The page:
T. PALMER
  • T. Palmer
It's filling and will valiantly try to throw you off your original goal, but persist to proceed to the sweet ending with the signature green chile apple pie, covered in crunchy walnut streusel, the thin slices of fruit cleaving to a flaky crust baked through with spots of cheddar cheese. Toss in a couple of extra bucks to get it à la mode, with red chile-honey drizzle. The apples mask the chile buzz, but only for the duration of eating it, so you'll leave pleasantly heated.

Hey, if the only meal of your day turns out to be a two-pie one, so be it. You've earned it, with ice cream on top.

Chile Pies (& Ice Cream) 601 Baker (at Fulton), 614-9411; cash only

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Wednesday, March 24, 2010

A Different Kind of Cheese Ball: Your SFoodie Lunch Planner

Posted By on Wed, Mar 24, 2010 at 7:30 AM

Tartine Bakery's gougères turn Gruyère all ethereal. - J. BIRDSALL
  • J. Birdsall
  • Tartine Bakery's gougères turn Gruyère all ethereal.
Weds., March 24, 2010

Maybe Tartine's pressed sandwiches are brilliant, but maybe, on some days, the thought of facing one has the same dodgy appeal as scarfing an entire pizza. That's why we like the gougères ― technically breakfast pastries here, but just as appealing at lunch. The texture of the cheese-fortified choux pastry is pleasantly clammy, a craggy, eggy structure, essentially, around irregular air pockets. It succeeds at turning the nutty, borderline funky taste of Gruyère into a kind of volatile fragrance. Very nice, especially paired with a little side salad.

Tartine Bakery 600 Guerrero (at 18th St.), 487-2600

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Tuesday, March 23, 2010

Corporate Insider: Your SFoodie Lunch Planner

Posted By on Tue, Mar 23, 2010 at 7:30 AM

Better than a turkey sandwich. Always. - J. BIRDSALL
  • J. Birdsall
  • Better than a turkey sandwich. Always.
Tues., March 23, 2010

Do not go to Whole Foods to buy pozole. But say it's lunchtime, and you find yourself in the SOMA store, facing the deli wall of murky soups in their plastic containers. In that case, the chicken pozole is a find: toothy hominy corns, hunks of dark meat that don't suck, and an orangey-red broth with the warm-tobacco taste of ancho chile. Of course, setting aside microwave button-pressing, the whole interactive element of pozole will be lacking ― no customizing at table with toasted oregano, shredded cabbage, onion, lime ― something, arguably, that's pozole's greatest pleasure. But consider it axiomatic: tasty, less-than-perfect pozole > deli case baguette sandwich. Every time.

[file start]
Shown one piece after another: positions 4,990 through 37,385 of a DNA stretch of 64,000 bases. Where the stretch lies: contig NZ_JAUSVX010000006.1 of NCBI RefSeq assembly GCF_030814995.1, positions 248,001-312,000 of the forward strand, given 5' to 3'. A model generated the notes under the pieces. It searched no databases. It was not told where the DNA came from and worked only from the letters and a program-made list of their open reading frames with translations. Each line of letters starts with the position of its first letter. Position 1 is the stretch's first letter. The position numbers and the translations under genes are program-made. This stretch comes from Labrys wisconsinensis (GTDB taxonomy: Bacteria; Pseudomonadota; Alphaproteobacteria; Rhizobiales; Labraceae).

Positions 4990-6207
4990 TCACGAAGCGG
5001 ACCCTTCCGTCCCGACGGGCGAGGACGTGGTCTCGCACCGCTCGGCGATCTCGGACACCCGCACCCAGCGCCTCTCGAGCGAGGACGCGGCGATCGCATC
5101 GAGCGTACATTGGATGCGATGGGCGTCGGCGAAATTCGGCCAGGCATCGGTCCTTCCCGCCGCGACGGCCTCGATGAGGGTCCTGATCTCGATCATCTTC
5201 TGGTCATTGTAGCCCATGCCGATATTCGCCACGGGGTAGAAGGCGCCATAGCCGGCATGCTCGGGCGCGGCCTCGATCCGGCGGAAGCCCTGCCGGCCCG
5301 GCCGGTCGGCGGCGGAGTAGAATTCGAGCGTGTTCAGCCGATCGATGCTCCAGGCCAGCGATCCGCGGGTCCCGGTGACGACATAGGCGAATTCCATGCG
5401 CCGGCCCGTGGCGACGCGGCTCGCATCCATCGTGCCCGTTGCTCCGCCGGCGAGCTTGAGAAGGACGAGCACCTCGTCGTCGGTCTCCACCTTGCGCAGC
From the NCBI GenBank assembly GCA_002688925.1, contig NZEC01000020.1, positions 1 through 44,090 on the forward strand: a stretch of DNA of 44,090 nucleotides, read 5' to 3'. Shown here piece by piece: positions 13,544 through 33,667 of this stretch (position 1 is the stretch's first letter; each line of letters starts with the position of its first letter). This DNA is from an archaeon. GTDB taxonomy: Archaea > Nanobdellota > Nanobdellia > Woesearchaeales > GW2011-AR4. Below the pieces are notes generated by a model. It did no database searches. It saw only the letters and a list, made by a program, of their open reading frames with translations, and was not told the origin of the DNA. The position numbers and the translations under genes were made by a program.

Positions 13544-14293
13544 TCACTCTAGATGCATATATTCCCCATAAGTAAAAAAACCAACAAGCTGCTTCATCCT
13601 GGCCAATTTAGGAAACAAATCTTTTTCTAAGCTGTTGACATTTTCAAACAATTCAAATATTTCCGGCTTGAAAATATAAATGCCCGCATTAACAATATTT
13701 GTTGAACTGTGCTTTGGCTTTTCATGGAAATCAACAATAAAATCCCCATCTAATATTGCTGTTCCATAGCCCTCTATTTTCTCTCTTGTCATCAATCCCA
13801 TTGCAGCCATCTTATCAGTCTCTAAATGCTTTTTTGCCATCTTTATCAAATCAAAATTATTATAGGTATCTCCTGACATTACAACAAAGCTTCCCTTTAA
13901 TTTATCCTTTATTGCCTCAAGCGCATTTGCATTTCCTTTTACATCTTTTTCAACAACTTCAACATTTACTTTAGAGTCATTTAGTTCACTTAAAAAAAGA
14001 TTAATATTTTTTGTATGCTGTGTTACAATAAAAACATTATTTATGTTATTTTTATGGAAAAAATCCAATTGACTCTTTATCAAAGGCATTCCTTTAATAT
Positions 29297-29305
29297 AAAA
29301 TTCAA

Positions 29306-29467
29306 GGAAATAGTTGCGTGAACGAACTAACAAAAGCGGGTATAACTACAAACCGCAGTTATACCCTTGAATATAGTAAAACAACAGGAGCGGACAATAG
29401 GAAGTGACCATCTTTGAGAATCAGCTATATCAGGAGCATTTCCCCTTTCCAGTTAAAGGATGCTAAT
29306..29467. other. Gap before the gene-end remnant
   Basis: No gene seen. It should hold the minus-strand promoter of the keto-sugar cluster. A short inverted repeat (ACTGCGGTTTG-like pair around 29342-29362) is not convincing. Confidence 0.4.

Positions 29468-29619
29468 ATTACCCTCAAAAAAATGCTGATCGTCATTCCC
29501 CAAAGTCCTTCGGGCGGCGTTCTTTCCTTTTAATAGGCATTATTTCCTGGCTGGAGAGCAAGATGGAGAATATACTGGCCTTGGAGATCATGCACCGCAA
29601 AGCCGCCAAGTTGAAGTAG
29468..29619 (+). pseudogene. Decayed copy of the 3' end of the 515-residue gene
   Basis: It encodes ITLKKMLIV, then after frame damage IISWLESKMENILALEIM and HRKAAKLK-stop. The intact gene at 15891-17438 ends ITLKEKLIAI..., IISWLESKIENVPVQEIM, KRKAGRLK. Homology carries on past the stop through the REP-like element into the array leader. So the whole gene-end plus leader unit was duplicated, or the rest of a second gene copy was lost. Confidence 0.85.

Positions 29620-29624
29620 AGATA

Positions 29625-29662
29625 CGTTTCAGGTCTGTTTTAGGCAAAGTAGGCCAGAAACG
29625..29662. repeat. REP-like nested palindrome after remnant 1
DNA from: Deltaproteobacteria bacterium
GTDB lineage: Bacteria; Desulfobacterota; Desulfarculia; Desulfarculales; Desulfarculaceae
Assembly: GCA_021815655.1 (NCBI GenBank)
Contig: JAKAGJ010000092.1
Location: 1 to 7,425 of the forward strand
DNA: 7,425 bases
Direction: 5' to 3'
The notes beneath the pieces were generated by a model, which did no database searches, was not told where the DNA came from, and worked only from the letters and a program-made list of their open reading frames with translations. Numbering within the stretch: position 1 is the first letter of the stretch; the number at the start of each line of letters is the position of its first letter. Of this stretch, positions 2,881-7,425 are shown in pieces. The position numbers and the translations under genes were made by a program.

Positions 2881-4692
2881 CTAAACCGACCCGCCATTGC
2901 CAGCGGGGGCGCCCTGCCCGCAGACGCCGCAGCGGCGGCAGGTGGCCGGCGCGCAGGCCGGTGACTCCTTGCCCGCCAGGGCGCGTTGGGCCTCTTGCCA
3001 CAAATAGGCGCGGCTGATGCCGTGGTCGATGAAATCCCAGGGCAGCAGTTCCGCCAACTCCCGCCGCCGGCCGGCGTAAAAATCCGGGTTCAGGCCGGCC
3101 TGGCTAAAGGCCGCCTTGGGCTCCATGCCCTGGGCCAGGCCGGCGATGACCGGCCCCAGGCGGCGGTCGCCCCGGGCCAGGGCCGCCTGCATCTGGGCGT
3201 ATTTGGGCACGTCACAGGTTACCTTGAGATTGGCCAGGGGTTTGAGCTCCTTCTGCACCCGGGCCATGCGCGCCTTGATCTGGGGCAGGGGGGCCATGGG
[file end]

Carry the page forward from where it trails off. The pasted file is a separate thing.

Whole Foods SOMA 399 Fourth St. (at Harrison), 618-0066

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Monday, March 22, 2010

A Hot Dog Your Id Can't Resist: Your SFoodie Lunch Planner

Posted By on Mon, Mar 22, 2010 at 7:30 AM

Best effing dog joint ever? Your call. - STU SPIVACK/FLICKR
  • stu spivack/Flickr
  • Best effing dog joint ever? Your call.
Mon., March 22, 2010

It's not surprising how many customers at Zog's Dogs, which just named itself the greatest fucking

hot dog stand ever, order their hot dogs deep-fried. Giving people the "option" of having their food deep-fried is like giving them the "option" of taking a $20 bill. It takes more work to say no than to heed the call of the id.

You'll have better-tasting results by substituting another food the id can't resist: bacon. Start with Zog's Mexico frank ($5.50), rolled up in bacon and grilled until the pork shrinks into a crisp spiral. The Mexico already comes with caramelized onions and mild jalapeños; have the cooks thatch the top with kraut, too. Squeeze a fat rail of spicy brown German mustard over top. We're not ready to call it the greatest fucking hot dog ever, but you may.

Zog's Dogs 1 Post (at Market), 391-7071

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Friday, March 19, 2010

Embarcadero's Sidewalk Banh Mi: Your SFoodie Lunch Planner

Posted By on Fri, Mar 19, 2010 at 7:30 AM

Little Saigon Deli's porky Classic Combo ($4.75). - J. BIRDSALL
  • J. Birdsall
  • Little Saigon Deli's porky Classic Combo ($4.75).
Fri., March 19, 2010

The itty-bitty spin-off of Saigon Deli Express has one huge advantage over its sibling at Embarcadero 4: A sidewalk takeout window, where necktie guys en route to Perry's or Mexico DF have to make slight detours around the queue. The Vietnamese sandwiches are decent, despite rolls more Boudin than banh mi (they lack the proper rice-flour lightness), with tasty dual porks in the Classic Combo, Maggi-breathing pâté, and nicely tangy crunchy stuff. The pandan-extract smell of the green coconut waffles will totally get you to drop an additional $2. Make sure the counterperson cooks it past the point of gluey, and you're good.

Little Saigon Deli 131 Steuart (at Mission), #101, 284-7375